Too good to be true? The six warning signs of investment scams
Are you too smart to fall for an investment scam? Don’t be so sure. Research conducted by the Financial Conducts Authority (FCA) in 2014 showed that the most financially sophisticated 5% of the UK’s population are approximately five and a half times more likely to be a victim of financial crime than the rest of the UK
And scams are on the rise. Latest figures show investment scam losses nearly doubled in the first half of 2021 as fraudsters lured investors with bogus products offering high returns. Victims lost just under £108m to investment scams in the first half of last year – up 95% on the same period in 2020.
Losses from bank transfer scams rose 71% to £355m, and £754m was stolen from bank customers – up 30% year on year. UK Finance says fraud has reached such a high level that it poses a ‘national security threat’.
The number of clone cases has increased. Fraudsters will claim to be FCA-authorised companies by using their branding and even replicating websites to persuade victims to make investments. Often the website addresses are remarkably similar to the original but with minor differences.
Another trending scam involves asking victims to download software that allows fraudsters remote access to the victims’ computers. In an increasingly popular scam, criminals pretend to be the FCA and claim that victims owe money. The FCA reported a 73% increase in these types of scams.
We encourage investors to check the FCA Warning List, which takes people on a step-by-step process to assess the legitimacy of any investment approach. The FCA also issues warnings on fraudulent companies as scams are reported and has a register of legitimate companies.
Look out for these six warning signs
To help fight the spread of scams, the FCA has relaunched its ScamSmart Campaign to share essential advice on how investors can protect themselves.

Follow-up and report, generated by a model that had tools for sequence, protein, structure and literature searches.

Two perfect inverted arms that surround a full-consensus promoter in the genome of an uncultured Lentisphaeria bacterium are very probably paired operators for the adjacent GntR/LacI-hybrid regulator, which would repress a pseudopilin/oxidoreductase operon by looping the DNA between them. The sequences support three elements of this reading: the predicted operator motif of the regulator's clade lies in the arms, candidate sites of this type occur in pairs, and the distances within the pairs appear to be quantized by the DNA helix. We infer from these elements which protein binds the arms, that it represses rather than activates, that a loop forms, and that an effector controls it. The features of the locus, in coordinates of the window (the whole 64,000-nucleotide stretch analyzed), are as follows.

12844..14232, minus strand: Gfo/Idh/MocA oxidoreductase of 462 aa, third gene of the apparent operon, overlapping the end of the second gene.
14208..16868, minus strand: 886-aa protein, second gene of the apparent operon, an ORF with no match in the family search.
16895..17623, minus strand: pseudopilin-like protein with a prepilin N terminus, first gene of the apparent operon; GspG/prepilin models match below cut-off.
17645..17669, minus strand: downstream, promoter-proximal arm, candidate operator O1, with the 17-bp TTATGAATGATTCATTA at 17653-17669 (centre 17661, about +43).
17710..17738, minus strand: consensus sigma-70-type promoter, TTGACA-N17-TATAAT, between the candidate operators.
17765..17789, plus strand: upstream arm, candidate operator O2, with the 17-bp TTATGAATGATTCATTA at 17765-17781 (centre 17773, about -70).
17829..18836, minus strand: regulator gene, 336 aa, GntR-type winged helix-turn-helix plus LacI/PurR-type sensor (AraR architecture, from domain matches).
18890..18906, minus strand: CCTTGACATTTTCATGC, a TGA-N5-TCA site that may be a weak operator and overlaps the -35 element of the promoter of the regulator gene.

The FCA encourages people to watch out for these six warning signs:
- Unexpected contact – scammers will often cold-call but may make contact in person or online, either via email or, increasingly, through social media.
- Time pressure – they might offer a time-limited deal.
- Social proof – they may share fake reviews and claim other clients have invested or want in on the deal.
- Unrealistic returns – fraudsters often promise tempting returns.
- False authority – scammers claim to be regulated using convincing literature and websites.
- Flattery – they may try to build a friendship with you to lull you into a false sense of security.
Steps to protect yourself:
- Reject any unsolicited investment opportunities
- Check whether the scheme you have been approached about is on the FCA Warning List
- Don’t be rushed into a decision
- Seek out impartial advice
The FCA’s ScamSmart campaign encourages those considering investing to check its dedicated website (www.fca.org.uk/scamsmart) for tips on how to avoid investment fraud. If you have lost money in a scam, contact Action Fraud on 0300 123 2040 or www.actionfraud.police.uk.
If you are approached by anyone claiming to represent James Hambro & Partners and suspect they may be scammers, please call us – 020 3817 3500.
Remember, James Hambro & Partners never makes unsolicited approaches encouraging you to invest.
By Penny Kunzig, Partner, Money Laundering Reporting Officer
Posted on 15 March 2022